Author: Caroline Van Hemert
Source: from publisher for review
Summary: Lovely – full of beautiful nature writing, incredible adventures, fun facts, and moving personal stories.
When Caroline Van Hemert finished her PhD, studying beak deformities in chickadees, she felt more uncertain than accomplished. Her years in the lab had left her feeling burnt out. She felt out of touch with the love of nature that led her to study biology in the first place. To try to reconnect with nature, she and her husband decided to pursue a wild dream of theirs – travelling more than 4000 miles through the Pacific northwest to the Alaskan Arctic entirely under their own power. They would spend many months hiking, skiing, rafting, traveling by rowboat, and by canoe. They hoped to finish with some clarity about what came next.
I empathized with the author’s grad school burnout, but wasn’t sure her problems would be compelling enough to make the ‘finding myself in nature’ story fresh. It turned out that her problems weren’t really the point. Her beautiful nature writing, incredible adventures, and frank descriptions of her partnership with her husband were what made this shine. The author drew me in with a fantastic prologue that captured the spirit of the book perfectly. She and her husband overcome life-threatening obstacles as a team of equals. They derive a lot of joy from surviving nature, but also simply from being surrounded by it. She particularly enjoys observing birds in their natural habitat, which I loved. All of these themes appear throughout the book.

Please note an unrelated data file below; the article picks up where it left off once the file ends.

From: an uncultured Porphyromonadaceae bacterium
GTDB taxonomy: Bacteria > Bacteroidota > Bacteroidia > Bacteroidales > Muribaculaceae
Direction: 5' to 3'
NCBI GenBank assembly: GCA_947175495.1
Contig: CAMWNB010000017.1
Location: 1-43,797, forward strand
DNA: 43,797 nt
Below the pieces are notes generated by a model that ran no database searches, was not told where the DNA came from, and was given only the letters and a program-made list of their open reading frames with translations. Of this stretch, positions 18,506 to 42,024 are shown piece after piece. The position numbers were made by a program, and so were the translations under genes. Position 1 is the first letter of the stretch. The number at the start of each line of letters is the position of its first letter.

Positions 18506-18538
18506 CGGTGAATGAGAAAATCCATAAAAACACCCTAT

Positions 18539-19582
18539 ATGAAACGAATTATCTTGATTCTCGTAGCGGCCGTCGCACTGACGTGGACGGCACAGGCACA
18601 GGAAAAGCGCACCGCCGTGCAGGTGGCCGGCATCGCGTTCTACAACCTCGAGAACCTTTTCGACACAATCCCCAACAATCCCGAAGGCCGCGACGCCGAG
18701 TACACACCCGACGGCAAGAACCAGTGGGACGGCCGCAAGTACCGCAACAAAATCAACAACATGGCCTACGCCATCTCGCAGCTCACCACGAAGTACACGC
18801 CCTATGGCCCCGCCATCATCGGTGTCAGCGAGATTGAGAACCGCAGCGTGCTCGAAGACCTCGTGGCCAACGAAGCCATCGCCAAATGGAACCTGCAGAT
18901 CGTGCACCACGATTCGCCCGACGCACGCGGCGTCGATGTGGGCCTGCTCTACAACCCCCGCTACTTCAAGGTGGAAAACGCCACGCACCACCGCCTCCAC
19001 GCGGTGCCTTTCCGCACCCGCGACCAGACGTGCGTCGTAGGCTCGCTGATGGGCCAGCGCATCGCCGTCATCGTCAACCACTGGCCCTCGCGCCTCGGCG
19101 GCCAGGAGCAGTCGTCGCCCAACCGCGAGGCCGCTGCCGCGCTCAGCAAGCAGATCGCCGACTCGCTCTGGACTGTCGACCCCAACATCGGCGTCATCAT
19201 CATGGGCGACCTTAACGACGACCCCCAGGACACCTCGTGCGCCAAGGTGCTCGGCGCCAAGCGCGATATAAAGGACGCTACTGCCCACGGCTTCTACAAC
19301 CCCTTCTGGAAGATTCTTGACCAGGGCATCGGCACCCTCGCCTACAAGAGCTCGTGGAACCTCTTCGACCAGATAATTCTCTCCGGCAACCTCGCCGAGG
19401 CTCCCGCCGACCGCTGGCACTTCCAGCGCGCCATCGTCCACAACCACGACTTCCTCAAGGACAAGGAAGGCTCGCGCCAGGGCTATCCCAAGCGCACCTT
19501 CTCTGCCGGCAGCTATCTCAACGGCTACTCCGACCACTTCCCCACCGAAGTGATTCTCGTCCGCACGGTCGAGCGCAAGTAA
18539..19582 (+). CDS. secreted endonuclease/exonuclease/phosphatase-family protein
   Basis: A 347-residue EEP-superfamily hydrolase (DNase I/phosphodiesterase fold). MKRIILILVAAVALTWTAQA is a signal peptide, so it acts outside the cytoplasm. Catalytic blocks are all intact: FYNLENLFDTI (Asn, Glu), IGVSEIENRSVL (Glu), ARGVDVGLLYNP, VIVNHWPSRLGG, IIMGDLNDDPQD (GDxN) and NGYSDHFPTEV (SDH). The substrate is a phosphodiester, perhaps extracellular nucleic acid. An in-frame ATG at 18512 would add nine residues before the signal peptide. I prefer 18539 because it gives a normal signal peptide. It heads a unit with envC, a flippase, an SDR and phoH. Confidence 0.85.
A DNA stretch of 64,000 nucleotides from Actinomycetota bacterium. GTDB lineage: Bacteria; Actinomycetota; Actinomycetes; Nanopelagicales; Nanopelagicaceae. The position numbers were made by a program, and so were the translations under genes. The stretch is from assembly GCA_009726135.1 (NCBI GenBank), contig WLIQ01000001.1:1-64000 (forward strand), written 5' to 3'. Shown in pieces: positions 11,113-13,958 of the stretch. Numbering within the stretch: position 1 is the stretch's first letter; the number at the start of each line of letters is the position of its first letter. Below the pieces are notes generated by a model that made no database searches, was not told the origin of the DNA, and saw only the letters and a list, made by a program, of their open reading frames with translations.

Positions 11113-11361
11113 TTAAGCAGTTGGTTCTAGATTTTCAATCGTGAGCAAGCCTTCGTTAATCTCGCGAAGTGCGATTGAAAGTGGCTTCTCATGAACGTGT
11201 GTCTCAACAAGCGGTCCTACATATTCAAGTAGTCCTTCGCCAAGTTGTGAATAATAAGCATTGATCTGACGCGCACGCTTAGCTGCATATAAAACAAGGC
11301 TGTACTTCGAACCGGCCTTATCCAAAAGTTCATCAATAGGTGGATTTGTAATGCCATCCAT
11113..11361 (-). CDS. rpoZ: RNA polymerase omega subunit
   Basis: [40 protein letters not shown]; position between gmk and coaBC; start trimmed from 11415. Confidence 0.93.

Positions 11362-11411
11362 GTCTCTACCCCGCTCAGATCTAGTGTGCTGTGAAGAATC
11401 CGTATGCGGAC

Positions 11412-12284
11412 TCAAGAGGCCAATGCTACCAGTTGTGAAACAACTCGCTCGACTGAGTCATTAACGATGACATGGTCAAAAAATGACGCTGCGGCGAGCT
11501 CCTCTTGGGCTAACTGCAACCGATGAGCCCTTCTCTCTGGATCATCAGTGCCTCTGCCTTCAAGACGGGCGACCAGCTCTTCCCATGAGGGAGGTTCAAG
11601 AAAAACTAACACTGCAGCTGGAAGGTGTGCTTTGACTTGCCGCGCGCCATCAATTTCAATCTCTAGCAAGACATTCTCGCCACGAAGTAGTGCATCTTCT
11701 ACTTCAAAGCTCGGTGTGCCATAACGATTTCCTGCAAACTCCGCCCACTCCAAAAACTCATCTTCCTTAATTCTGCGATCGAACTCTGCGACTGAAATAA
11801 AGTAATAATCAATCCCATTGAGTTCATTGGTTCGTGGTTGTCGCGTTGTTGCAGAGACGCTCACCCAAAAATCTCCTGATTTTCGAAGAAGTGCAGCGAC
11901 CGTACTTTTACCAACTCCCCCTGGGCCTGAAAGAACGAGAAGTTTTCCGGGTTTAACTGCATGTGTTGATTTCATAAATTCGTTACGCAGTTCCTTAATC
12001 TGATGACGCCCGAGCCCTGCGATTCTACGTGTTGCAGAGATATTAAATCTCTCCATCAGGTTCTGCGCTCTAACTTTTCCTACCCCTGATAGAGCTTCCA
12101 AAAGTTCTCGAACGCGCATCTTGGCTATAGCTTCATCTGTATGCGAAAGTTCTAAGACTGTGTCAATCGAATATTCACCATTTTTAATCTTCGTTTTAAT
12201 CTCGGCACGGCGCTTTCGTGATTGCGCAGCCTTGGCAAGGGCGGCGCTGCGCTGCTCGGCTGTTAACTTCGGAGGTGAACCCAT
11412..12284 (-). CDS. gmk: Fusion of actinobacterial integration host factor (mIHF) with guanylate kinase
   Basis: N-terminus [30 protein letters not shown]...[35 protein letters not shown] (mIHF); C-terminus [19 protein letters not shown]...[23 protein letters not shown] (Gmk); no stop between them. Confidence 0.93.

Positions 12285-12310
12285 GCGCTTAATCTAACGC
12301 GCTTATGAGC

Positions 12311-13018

I was still concerned the author would ascribe a deeper meaning to her experiences that would just feel cliched. Thankfully, she largely avoids that. She talks a bit about her internal work, figuring out what she wants to do next, but doesn’t claim some nature-inspired epiphany. She does do some lovely nature writing. Her writing isn’t overly flowery, in some cases quite sparse, but she selects the perfect details to make the reader share her sense of awe. Her blend of these visual descriptions with fun facts about animals, wilderness survival and local history was constantly engaging. The bits about her personal life didn’t dominate the story of her adventures and did make me more emotionally invested. I’m incredibly impressed that the author balanced all these different threads so well. This worked for me as a memoir, as a natural history, and as a source of inspiring nature writing. I’d recommend it to fans of any of these genres.